although he soon became anxious and changed the subject.
In the following weeks his mother reported he had begun hitting his
sister and calling her names for the first time in his

* Technique of treatment will not be reported here.


life. He also had become angry and verbally abusive toward his mother for
the first time, she said with dismay.* Aggression toward women increased
in his drawings. For instance, he drew a man with a woman lying at his
feet. He smiled as he said that the woman had made the man angry, who
had then thrown her down into the mud and beaten her.

Looking forward to pleasing his therapist by reflecting the latter’s

attitude about cross-dressing (which he was gradually incorporating), he
would announce, ‘It’s bad for a boy to dress up in girl’s clothing.’ He was
going to practice ‘being a boy’. He made up a list of ‘rules’ which he had
the therapist write down: ‘1. Don’t play with girls; 2. Don’t play with girls’
dolls; 3. Don’t dress up in girls’ clothes; 4. Don’t even look in sister’s
closets; 5. Don’t sit like a girl; 6. Don’t talk like a girl; 7. Don’t stand like
a girl; 8. Don’t tease like a girl; 9. Play like a boy; 10. Don’t wear makeup;
11. Don’t make your room look like a girl’s room; 12. Don’t pose; 13. Be a

Increased masculinity alternated with months of regression to feminine

preoccupations. These periods of regression seemed to correlate with shifts
in family dynamics. Mother and father were being seen by another
therapist, who had been encouraging the father to be closer to his son. In
response, the father had been taking the boy on walks and had introduced
him to father’s hobbies. But then father had become ill and feeling it too
great an effort to attempt to relate to his son, had given it up. Shortly
thereafter the patient said he wanted to buy a large female rubber
mannequin seen in an advertisement and to keep it in his room. This figure
was nearly life-size, and the patient would have to obtain a full set of girl’s
clothing in order to dress it. In discussions in therapy the patient indicated
by embarrassed giggles when confronted that his primary motivation for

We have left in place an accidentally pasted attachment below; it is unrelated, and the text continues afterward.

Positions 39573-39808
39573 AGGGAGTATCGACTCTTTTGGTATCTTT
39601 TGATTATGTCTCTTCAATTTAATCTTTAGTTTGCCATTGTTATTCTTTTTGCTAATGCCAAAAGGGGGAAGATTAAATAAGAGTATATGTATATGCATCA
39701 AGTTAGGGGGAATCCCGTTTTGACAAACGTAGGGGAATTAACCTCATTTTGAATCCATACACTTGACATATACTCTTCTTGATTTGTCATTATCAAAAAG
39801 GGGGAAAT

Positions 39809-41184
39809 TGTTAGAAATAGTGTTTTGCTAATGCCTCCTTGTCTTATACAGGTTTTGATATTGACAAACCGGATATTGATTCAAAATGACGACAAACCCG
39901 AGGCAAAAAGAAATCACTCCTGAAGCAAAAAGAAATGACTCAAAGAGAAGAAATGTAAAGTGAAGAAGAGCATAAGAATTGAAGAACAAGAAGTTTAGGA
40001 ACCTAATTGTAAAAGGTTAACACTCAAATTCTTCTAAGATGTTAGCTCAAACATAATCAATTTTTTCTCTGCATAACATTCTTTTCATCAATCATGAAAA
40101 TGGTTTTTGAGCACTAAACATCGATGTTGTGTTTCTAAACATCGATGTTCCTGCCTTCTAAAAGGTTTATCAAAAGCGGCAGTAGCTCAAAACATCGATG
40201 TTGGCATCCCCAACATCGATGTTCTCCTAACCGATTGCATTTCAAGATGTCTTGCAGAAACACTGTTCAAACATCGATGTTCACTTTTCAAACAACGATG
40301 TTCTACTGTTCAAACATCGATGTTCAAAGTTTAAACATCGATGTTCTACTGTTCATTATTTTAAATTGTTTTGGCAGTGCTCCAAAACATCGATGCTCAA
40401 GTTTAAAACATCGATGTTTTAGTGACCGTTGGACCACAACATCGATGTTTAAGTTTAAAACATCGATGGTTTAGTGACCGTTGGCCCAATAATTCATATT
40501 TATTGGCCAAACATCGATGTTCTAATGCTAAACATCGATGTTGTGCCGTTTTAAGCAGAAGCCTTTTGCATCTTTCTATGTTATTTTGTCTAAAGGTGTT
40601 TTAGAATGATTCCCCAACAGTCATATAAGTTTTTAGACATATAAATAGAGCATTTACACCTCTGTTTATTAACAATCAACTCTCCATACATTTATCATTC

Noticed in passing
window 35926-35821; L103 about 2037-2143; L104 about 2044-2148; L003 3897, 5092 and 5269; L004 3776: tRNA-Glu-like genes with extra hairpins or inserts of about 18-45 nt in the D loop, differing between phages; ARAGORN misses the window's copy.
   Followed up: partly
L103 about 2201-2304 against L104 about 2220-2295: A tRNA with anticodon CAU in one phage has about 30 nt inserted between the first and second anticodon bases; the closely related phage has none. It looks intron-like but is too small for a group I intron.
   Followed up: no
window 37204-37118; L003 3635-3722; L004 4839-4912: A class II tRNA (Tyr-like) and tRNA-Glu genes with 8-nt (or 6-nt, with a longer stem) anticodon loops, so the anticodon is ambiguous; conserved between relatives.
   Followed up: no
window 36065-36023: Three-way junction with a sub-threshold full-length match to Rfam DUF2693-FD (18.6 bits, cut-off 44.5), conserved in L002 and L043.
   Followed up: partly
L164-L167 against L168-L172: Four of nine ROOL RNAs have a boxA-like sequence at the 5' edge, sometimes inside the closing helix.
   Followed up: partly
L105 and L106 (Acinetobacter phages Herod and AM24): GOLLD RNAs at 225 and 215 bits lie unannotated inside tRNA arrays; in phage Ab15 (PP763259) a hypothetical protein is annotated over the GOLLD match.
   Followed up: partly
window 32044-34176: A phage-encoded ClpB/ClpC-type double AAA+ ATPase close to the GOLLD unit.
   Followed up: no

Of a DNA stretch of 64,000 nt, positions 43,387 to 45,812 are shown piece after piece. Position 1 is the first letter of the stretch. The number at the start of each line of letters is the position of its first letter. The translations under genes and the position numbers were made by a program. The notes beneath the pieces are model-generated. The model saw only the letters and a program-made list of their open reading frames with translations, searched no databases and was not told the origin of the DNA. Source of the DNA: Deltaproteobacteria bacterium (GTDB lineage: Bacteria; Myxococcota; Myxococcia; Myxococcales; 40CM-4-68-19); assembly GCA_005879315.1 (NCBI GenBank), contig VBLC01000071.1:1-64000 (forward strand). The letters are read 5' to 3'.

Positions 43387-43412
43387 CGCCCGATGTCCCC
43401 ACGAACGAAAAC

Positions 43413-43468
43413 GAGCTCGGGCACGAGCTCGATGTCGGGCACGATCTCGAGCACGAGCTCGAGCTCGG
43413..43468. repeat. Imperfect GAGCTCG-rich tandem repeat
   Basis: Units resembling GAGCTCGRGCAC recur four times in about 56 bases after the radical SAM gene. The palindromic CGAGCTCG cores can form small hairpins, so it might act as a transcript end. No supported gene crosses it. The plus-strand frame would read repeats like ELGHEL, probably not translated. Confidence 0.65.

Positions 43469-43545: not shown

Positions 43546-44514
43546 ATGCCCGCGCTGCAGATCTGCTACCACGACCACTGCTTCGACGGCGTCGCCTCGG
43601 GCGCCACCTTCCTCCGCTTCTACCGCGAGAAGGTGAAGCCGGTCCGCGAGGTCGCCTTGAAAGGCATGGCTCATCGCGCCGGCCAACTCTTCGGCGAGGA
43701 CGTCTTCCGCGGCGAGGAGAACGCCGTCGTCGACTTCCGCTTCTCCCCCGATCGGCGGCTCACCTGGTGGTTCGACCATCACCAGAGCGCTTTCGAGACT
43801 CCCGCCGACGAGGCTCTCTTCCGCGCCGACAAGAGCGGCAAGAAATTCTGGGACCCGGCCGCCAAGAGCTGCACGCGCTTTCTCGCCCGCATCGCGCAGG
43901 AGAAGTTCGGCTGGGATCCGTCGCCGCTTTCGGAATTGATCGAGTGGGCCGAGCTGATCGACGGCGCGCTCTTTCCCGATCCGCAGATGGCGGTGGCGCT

the doll was not heterosexuality but the easy availability of girl’s clothing
for himself. When the request for this doll was refused at Dr. Newman’s
insistence, the boy became sullen and tearful and for several weeks did not
want to

* Simultaneous therapy for the mother in order to allow her to accept signs of
masculinity and aggressiveness in her son is always indicated. The loss of closeness
that she previously had with her son is painful, and therapy for her is essential if she
is to be able to accept these dynamic shifts in the relationship.

come to treatment. For a few months he made no progress in his

masculinity and seemed more feminine.
Then, he again began to move in a masculine direction, producing at this
time a series of drawings reflecting positive feelings for his therapist. In
the first drawing a boy (altogether masculine in dress and appearance) is
shown with mother (she is drawn as a normal, feminine woman in a dress).
The boy’s face is covered with red spots; he has the measles. In the second
drawing, the boy is being taken to the doctor by his mother in order to ‘get
well from his sickness’. The third drawing shows the doctor, a large,
carefully drawn, full-size smiling man. The patient says the doctor is
friendly to the boy, who in turn likes the doctor. In the next drawing the
boy is lying face down on the doctor’s examining table, and the doctor is
administering a hypodermic in his buttock. The boy’s pants are pulled
down, and his large penis is clearly seen. When asked about this, the
patient replies, ‘That’s his penis,’ in a matter-of-fact way. (This is in
contrast to earlier attempts to hide his own penis and refusal to discuss the